as defendants is not clear. Secretary Frank and Warden Humphreys may be appropriate defendants

in the event injunctive relief is ordered. In addition, Drs. Cox and Krashin and Ms. Nygren of the

HSU are apparently involved in providing health care to prisoners and Ms. Padgett reviewed Beck’s

grievance over the failure to provide him medical care. The complaint alleges each of the

defendants have ignored his repeated written requests to be taken to the hospital. (Compl. at 6.)

Based on the record before me, I am unable to say that under no set of circumstances could the

defendants be liable. Accordingly, Beck may proceed with his claim and the Marshal will effect


Beck also seeks an immediate transfer to a hospital. To the extent this is a request for ex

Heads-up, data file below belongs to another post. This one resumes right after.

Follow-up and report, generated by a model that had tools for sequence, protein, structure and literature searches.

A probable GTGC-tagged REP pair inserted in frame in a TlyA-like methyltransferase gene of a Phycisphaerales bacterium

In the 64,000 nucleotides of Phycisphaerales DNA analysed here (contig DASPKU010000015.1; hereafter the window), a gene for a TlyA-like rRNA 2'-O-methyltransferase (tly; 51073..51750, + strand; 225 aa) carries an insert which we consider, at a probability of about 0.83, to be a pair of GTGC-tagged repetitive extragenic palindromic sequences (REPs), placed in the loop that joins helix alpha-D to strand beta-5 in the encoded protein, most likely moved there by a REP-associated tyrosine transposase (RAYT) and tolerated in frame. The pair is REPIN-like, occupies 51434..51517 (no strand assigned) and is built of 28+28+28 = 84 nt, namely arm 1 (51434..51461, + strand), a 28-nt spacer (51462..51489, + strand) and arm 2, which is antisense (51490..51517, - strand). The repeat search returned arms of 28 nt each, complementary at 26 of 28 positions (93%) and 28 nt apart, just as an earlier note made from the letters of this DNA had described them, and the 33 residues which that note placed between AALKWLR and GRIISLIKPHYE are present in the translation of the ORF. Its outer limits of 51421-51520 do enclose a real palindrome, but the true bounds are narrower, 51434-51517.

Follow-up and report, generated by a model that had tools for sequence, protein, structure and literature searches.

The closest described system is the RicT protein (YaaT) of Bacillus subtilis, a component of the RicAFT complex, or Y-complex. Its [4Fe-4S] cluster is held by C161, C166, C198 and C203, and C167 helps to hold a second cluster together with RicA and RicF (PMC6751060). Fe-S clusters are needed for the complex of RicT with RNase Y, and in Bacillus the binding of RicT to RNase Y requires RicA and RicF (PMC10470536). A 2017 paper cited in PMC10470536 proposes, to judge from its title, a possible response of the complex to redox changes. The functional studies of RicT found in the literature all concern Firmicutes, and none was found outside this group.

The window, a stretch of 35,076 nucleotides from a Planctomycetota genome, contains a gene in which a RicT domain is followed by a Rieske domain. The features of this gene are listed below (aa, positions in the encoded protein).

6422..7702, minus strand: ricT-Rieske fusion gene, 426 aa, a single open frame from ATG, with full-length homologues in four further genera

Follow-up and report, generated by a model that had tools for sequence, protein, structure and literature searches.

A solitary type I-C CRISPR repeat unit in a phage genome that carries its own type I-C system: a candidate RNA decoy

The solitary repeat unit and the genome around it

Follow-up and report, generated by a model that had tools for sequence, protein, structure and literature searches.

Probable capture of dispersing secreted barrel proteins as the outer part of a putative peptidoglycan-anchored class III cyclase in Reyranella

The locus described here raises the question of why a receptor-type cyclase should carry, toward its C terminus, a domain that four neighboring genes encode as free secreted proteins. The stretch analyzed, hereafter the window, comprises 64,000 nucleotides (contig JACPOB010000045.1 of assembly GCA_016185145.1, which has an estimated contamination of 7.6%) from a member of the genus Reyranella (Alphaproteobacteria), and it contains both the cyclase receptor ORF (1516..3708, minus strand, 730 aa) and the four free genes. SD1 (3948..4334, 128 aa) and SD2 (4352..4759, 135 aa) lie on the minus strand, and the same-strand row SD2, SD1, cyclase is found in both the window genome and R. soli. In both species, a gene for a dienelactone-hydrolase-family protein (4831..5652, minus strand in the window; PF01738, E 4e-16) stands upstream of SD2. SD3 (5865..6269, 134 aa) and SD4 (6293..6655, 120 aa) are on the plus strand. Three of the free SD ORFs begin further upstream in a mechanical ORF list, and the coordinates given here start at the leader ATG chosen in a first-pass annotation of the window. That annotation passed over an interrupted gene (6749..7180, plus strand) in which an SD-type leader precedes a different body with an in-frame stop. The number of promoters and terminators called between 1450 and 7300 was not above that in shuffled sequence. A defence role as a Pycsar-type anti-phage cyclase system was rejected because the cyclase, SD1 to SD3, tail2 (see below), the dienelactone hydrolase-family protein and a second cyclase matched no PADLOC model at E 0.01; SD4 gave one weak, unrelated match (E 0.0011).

parte relief on an emergency basis, it is denied. Although I have concluded the Beck’s complaint

states a claim, it does not establish a likelihood of success on the merits sufficient to warrant such

relief. Beck alleges that another doctor has ordered certain tests, but he has not provided a copy of

the order. The tests he claims were ordered appear to be diagnostic tests, not life-saving treatment.

Moreover, it appears that other doctors have been involved in his care and treatment. If the case

involves no more than a disagreement between health care professionals over what care is

appropriate, then Beck is clearly not entitled to federal relief.

IT IS THEREFORE ORDERED that plaintiff’s request for immediate relief is denied;

IT IS FURTHER ORDERED that the U.S. Marshals Service shall serve a copy of the

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complaint, a waiver of service form and/or the summons, and this order upon the defendant pursuant

to Fed. R. Civ. P. 4. Plaintiff is advised that Congress requires the U.S. Marshals Service to charge

for making or attempting to make such service. 28 U.S.C. § 1921(b). The current fee for waiver-of-